I read a statistic the other day that made me pause and shake my head in disbelief. According to ASQ (American Society for Quality), 68% of the time a customer takes their business elsewhere they state neglect to be the number one reason they left. Only 14% said it was dissatisfaction with a product or service. You read that right – neglect. That’s a pretty harsh word. Here are some synonyms for neglect; abandon, ignore, shun, forget, overlook, and disregard. Those are harsher words yet.
I was wondering to myself if I’ve ever felt neglected and it hit me like a brick. I used to be a ‘road warrior’, some months I was on the road three out of four weeks. I was in the top tier of my airline, hotel and rental car loyalty programs. I had special lines I could stand in, free upgrades and concierge services. Now that I’ve (thankfully) gotten off that hamster wheel I stand in the back or wait in line with the rest of the ordinary folks. I certainly understand in my brain that this is based on economics but my heart thinks “What? Am I no longer good enough to be treated special?”
What about me?
This is such an easy trap to fall into. It’s natural to want to pay special attention to your best customers. But how did they get there? They were ‘ordinary folks’ at one time. Did you nurture them until they grew or did it happen by chance? The first thing you need to do is to honestly check yourself. Are you guilty of neglecting your customers? If the answer is “maybe” or “probably” here are some tips:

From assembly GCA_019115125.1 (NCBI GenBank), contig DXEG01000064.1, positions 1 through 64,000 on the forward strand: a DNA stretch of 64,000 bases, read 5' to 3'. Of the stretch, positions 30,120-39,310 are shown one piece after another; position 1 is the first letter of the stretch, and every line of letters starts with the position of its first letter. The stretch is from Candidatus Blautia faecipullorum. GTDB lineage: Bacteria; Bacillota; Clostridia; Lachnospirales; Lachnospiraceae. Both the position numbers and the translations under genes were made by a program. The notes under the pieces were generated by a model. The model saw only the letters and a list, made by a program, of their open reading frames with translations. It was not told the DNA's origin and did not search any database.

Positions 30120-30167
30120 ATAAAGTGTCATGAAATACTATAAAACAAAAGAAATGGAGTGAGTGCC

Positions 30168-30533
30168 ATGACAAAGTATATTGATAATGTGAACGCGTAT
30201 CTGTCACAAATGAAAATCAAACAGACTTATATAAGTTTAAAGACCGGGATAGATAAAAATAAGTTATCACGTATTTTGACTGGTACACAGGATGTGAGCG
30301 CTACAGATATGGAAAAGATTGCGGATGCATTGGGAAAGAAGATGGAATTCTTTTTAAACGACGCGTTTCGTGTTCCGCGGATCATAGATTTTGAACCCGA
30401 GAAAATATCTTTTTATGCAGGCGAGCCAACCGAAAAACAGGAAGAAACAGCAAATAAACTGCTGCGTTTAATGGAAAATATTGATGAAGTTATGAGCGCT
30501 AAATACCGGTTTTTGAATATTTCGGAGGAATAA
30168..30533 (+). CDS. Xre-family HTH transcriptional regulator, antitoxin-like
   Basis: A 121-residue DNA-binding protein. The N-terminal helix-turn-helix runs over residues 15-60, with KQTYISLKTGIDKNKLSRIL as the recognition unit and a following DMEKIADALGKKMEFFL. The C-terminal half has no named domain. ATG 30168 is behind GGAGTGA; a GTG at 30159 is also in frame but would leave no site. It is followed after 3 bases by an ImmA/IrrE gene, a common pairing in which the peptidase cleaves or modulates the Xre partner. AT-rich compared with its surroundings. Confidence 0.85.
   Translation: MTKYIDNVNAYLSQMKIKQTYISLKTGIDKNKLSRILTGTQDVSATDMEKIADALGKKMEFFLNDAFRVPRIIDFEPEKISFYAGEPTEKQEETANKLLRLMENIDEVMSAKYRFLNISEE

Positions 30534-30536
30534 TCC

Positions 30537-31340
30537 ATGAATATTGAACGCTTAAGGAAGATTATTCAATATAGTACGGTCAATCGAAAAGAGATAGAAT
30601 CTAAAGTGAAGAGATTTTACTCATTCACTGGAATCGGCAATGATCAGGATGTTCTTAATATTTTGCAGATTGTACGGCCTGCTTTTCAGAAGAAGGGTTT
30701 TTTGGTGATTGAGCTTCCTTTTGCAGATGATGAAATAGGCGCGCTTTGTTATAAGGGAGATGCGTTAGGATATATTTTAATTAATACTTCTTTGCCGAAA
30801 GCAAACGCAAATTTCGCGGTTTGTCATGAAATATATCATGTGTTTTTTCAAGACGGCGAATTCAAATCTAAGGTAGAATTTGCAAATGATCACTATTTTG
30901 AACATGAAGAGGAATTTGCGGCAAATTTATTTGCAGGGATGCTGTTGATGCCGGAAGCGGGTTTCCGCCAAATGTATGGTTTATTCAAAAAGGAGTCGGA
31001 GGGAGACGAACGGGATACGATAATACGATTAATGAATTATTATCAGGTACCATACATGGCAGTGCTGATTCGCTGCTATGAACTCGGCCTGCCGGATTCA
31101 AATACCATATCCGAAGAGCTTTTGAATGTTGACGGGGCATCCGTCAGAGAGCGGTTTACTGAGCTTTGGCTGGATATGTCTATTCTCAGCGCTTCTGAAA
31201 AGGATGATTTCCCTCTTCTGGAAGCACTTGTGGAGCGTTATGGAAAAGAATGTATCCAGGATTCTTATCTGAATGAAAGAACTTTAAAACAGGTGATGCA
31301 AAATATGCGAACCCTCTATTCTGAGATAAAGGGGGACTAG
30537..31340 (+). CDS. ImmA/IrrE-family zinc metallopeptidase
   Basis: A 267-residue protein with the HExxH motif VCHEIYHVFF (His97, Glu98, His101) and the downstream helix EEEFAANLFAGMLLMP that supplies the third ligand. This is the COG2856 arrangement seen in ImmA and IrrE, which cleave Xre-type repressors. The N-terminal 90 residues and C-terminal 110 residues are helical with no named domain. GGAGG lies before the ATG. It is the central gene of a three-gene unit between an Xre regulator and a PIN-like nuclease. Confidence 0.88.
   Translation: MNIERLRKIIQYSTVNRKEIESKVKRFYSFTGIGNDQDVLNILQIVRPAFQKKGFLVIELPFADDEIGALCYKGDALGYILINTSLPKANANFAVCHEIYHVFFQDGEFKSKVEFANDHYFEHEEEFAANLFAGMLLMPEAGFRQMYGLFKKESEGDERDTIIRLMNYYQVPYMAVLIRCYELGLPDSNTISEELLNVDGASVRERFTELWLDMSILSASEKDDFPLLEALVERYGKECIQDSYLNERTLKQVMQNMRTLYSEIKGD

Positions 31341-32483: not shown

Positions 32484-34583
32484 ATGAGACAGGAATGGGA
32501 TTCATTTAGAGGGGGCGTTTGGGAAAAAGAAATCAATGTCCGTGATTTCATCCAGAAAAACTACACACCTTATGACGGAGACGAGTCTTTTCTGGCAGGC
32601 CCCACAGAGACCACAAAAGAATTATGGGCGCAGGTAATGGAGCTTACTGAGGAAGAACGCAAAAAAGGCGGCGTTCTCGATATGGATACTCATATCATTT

- Reach out – make an effort to connect or reconnect with those customers you don’t spend a lot of time with. You might be surprised by the potential that exists there.
- Don’t alienate one group while trying to satisfy another (deals for new customers, those with your charge card, etc.). One of my personal hot buttons is the need to have the store’s loyalty card to get the special price. If it’s on sale for him it better be on sale for me!
- Let’s get social – don’t ignore customers on social media. You have a wide variety of customers who have varied media preferences. At a minimum have a Facebook and Twitter site. Encourage and respond to all comments.
- Refocus the rest of your communication efforts. I’m betting you’re in constant contact with your best customers. What about the rest? Reach out via mail, email or phone at least twice a year (quarterly would be better) to let them know you appreciate their business. If anything is new with you (price, product, location, etc.) use that communication to update them.
- Thank them. This is the easiest thing to do that’s also high impact. I have a restaurant that I frequent where the hosts at the door are instructed to not only greet customers but to thank them when they leave as well. I never leave there without hearing “Thanks – have a great day!”
I’m not suggesting that your best customers don’t receive more perks. That’s the reward for loyalty. I am, however, cautioning you to be careful making it glaringly obvious. You might as well be on the playground shouting “I like her more than you!” What should be obvious is your gratitude for all of your customers, no matter the size of their wallet. Some antonyms for neglect are: care, regard, respect and cherish. Those sound a lot better don’t you think?